2. Last year the SEC media revenue was 787 million in total. The news media reported the SEC's new ESPN contract for T1 rights as above 300 million. This was a round down number put out by USAToday and copied by other media for a nice round number. CBS offered 307 million and was rejected. The SEC hasn't released details because they are waiting until the B1G signs their new contract. But for the sake of argument if the new deal was only 307 million, which it definitely is higher, and the old contract with CBS which was over a decade old and was for 55 million, then the minimum raise for T1 rights was 252 million which added to existing contracted amount of 787 million is 1.039 billion. Oops!

3. Jack Thompson, a CEO for the company which advertises for Disney/ESPN and Coca-Cola, who is also an Auburn alum, said when the details come out he expected the deal to be closer to 400 million than to 350 million. Split that to 375 million more and you have 68 million more than was guessed and under-reported by the press. Add that to 1.039 billion and you get 1.107 billion.

4. Does 1.1 billion sound familiar to you? It's the upper range of the new B1G contract which now includes USC and UCLA and is negotiated for 16 schools. And here's the surprise. The SEC contract is for 14 schools as it was signed prior to Oklahoma and Texas joining and does not include their additive value. Why? Including them in a contract signed before they joined would leave ESPN with liability.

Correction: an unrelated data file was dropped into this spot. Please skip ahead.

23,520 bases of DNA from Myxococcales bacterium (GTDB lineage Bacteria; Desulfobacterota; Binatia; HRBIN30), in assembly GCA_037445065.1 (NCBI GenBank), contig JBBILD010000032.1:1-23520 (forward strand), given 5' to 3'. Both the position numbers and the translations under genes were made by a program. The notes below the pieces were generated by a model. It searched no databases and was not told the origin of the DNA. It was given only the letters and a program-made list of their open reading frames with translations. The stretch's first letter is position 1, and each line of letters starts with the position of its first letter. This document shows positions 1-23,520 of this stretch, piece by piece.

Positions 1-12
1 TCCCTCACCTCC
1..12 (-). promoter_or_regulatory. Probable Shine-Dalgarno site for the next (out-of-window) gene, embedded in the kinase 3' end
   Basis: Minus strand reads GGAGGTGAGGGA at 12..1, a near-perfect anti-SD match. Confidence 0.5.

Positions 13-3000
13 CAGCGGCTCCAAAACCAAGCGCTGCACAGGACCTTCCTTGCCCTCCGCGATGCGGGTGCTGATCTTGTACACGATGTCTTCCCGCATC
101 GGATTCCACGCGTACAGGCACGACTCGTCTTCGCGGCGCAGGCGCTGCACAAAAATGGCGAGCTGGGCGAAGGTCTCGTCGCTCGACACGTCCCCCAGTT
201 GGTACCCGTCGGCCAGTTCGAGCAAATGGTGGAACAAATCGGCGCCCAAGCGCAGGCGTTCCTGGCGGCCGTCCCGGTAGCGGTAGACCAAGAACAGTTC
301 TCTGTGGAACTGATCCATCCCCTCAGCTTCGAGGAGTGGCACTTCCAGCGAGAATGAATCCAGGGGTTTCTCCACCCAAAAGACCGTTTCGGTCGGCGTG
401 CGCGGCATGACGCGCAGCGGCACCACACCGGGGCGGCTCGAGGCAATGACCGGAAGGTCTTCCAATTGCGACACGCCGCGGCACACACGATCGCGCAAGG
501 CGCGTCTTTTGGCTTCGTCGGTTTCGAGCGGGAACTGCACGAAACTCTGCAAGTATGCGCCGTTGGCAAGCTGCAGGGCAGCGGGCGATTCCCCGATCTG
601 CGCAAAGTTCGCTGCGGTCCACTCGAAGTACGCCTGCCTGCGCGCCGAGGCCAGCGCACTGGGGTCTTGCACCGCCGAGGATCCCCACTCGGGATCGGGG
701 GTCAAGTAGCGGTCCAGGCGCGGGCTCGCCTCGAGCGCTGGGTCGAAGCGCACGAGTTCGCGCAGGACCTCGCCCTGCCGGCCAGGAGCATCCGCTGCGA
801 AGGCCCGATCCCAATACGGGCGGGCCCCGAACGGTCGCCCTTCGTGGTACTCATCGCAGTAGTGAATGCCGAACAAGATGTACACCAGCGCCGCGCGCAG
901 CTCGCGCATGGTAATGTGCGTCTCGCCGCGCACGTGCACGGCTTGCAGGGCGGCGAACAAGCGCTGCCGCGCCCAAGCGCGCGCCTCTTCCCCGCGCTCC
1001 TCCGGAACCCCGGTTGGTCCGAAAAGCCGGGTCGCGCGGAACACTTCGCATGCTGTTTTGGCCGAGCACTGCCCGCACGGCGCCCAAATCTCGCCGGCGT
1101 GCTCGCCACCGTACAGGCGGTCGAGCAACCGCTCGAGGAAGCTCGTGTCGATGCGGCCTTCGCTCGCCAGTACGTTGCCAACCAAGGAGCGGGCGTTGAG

5. So I'm not going to troll you by suggesting the SEC will have enough to raid Ohio State and Penn State, yet. But you won't troll here again with incomplete or inaccurate info.

6. By the way this, of course, means the SEC was the first to sign a billion-dollar deal. We just didn't shout it from the lungs of the press and thump our chests about it. Why not? The national championship trophies reside in the South and that is what it's all about!
(This post was last modified: 07-12-2022 08:19 PM by JRsec.)
07-12-2022 08:04 PM
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Porcine Offline
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Post: #11
RE: What if Expansion to 20 happened for the SEC and Big 10 Without the ACC?
Isn't the SEC deal pro rata, so that we won't be taking a cut when OUT's in?
07-12-2022 10:39 PM
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JRsec Offline
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Post: #12
RE: What if Expansion to 20 happened for the SEC and Big 10 Without the ACC?
(07-12-2022 10:39 PM)Porcine Wrote:  Isn't the SEC deal pro rata, so that we won't be taking a cut when OUT's in?

There will be no cut. Those 2 will add significantly. Think 15 million per school significant.
07-12-2022 10:56 PM
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Post: #13
RE: What if Expansion to 20 happened for the SEC and Big 10 Without the ACC?
(07-12-2022 10:56 PM)JRsec Wrote:  
(07-12-2022 10:39 PM)Porcine Wrote:  Isn't the SEC deal pro rata, so that we won't be taking a cut when OUT's in?

There will be no cut. Those 2 will add significantly. Think 15 million per school significant.

That's what I mean. It's not set so that it gets split 16 ways instead of 14. Too many want to come back with "the pie gets split even more" line.
07-12-2022 11:02 PM